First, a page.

Constitutionality; Actual Controversy; Standing to Sue.  The power of judicial review can only be exercised in connection with a bona fide controversy involving a statute, its implementation or a government action.  Without such controversy, courts will decline to pass upon constitutional issues through advisory opinions, bereft as they are of authority to resolve hypothetical or moot questions.  The limitation on the power of judicial review to actual cases and controversies defines the role assigned to the judiciary in a tripartite allocation of power, to assure that the courts will not intrude into areas committed to the other branches of government.  But even with the presence of an actual case or controversy, the Court may refuse judicial review unless the constitutional question or the assailed illegal government act is brought before it by a party who possesses locus standi or the standing to challenge it.  To have standing, one must establish that he has a “personal and substantial interest in the case such that he has sustained, or will sustain, direct injury as a result of its enforcement.”  Particularly, he must show that (1) he has suffered some actual or threatened injury as a result of the allegedly illegal conduct of the government; (2) the injury is fairly traceable to the challenged action; and (3) the injury is likely to be redressed by a favorable action.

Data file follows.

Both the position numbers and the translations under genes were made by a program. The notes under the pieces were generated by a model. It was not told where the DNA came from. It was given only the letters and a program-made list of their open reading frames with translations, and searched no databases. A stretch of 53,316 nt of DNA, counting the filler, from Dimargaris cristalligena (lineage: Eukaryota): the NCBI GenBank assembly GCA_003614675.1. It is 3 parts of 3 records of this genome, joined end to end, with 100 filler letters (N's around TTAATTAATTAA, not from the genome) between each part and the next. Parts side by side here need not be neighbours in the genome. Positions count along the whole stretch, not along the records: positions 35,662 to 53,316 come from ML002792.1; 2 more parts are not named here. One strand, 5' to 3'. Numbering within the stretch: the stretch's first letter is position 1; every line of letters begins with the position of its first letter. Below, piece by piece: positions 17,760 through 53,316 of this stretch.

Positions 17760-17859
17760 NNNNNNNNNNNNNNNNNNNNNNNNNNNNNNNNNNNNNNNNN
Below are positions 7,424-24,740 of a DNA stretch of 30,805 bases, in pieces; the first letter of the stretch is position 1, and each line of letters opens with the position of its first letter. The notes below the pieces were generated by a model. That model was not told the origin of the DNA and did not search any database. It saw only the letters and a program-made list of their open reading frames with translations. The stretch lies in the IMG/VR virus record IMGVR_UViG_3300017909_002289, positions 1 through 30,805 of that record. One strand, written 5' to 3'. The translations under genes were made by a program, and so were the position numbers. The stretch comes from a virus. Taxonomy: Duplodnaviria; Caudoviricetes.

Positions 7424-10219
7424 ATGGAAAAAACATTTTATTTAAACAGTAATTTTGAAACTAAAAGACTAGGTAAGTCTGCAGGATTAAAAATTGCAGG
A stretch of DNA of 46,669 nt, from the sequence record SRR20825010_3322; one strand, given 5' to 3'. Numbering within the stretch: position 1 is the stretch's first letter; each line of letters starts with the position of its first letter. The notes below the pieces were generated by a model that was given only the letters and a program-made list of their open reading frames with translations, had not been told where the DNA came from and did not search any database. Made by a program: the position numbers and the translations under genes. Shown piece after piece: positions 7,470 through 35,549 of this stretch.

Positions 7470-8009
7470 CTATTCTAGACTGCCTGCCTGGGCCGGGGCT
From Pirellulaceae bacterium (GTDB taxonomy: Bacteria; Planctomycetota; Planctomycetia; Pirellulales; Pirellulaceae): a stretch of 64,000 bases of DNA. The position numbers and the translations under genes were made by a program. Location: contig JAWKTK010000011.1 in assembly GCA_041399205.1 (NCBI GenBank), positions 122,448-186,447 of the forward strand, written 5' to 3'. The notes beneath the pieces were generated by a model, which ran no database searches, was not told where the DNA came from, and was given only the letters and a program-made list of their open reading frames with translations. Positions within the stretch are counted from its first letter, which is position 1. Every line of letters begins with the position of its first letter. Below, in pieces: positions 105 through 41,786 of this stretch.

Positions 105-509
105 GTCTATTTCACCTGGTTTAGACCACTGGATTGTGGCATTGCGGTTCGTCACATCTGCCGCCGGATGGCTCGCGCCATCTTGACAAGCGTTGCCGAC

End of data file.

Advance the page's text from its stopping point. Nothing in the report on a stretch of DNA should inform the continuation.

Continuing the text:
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August 2010 Philippine Supreme Court Decisions on Political Law

Here are selected August 2010 rulings of the Supreme Court of the Philippines on political law:

Constitutional Law

Civil Service Commission; jurisdiction. The civil service encompasses all branches and agencies of the Government, including government-owned or controlled corporations with original charters, like the Government Service Insurance System (GSIS), or those created by special law. Thus, GSIS employees are part of the civil service system and are subject to the law and to the circulars, rules and regulations issued by the Civil Service Commission (CSC) on discipline, attendance and general terms and conditions of employment. The CSC has jurisdiction to hear and decide disciplinary cases against erring employees. Winston F. Garcia vs. Mario I. Molina, et al./Winston F. Garcia vs. Mario I. Molina, et al., G.R. No. 157383/G.R. No. 174137, August 18, 2010.